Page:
Wednesday, May 04, 2011
Senate Republicans are calling for side-by-side votes on President Obama’s 2012 budget proposal and the House-approved debt reduction plan by Republican Congressman Paul Ryan. While opposition to Ryan’s proposal is increasing, even more voters are saying no to the president’s.
A new Rasmussen Reports national survey of Likely Voters finds that just 30% favor Obama’s budget proposal based on what they’ve seen, heard or read. Fifty-percent (50%) oppose the president’s plan. Twenty percent (20%) are undecided. (To see survey question wording, click here.)
By comparison, slightly fewer voters (26%) favor Ryan’s proposal, but fewer (34%) also oppose it. A sizable 40% still don’t know enough about the plan to have any opinion of it.
Generally speaking, 54% of voters believe Obama’s budget plan does not cut spending enough, a figure that is virtually unchanged from February. Only nine percent (9%) believe the president’s plan cuts spending too much, while 23% say the proposal has about the right amount of spending cuts. Fourteen percent (14%) are not sure.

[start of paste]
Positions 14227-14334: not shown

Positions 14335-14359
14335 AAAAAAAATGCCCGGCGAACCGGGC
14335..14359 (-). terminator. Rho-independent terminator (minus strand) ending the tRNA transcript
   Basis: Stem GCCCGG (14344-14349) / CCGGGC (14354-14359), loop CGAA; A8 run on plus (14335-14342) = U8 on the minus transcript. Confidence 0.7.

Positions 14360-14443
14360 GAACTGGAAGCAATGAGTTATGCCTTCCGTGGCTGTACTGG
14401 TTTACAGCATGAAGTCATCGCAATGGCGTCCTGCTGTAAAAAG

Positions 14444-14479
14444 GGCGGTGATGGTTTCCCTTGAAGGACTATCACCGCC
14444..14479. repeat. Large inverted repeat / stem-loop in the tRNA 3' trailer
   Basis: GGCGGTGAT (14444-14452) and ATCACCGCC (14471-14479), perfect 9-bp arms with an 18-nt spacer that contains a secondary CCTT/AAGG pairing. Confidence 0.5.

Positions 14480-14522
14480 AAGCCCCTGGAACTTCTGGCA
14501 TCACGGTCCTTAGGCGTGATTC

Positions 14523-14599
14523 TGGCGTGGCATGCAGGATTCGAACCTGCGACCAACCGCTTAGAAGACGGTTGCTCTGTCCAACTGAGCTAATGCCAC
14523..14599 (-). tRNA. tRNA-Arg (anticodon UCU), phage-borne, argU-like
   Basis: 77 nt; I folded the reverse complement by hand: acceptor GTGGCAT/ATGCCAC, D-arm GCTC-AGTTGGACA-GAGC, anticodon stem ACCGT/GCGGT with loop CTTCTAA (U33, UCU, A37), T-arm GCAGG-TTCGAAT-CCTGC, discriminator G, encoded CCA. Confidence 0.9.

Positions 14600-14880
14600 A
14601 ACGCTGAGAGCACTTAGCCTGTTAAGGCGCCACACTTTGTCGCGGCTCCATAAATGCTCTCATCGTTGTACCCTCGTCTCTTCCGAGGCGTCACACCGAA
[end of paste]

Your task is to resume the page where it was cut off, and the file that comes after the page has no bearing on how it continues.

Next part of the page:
When asked about the details, 38% of voters believe the president’s deficit reduction proposal relies mostly on tax hikes. Just 14% believe the proposal emphasizes mostly spending cuts. Thirty-two percent (32%) say the proposal suggests a fairly even balance of spending cuts and tax hikes. Sixteen percent (16%) are undecided.
These perceptions suggest why most voters aren't sold on the president's proposal. After all, only 11% like a plan that relies mostly on tax hikes. A plurality (47%) prefers to see a proposal for deficit reduction that relies mostly on spending cuts, while 39% would rather see a fairly even balance of spending cuts and tax hikes.
The survey of 1,000 Likely Voters was conducted on May 1-2, 2011, by Rasmussen Reports. The margin of sampling error is +/- 3 percentage points with a 95% level of confidence. Field work for all Rasmussen Reports surveys is conducted by Pulse Opinion Research, LLC. See methodology.Rasmussen subscribers can log in to read the rest of this article.
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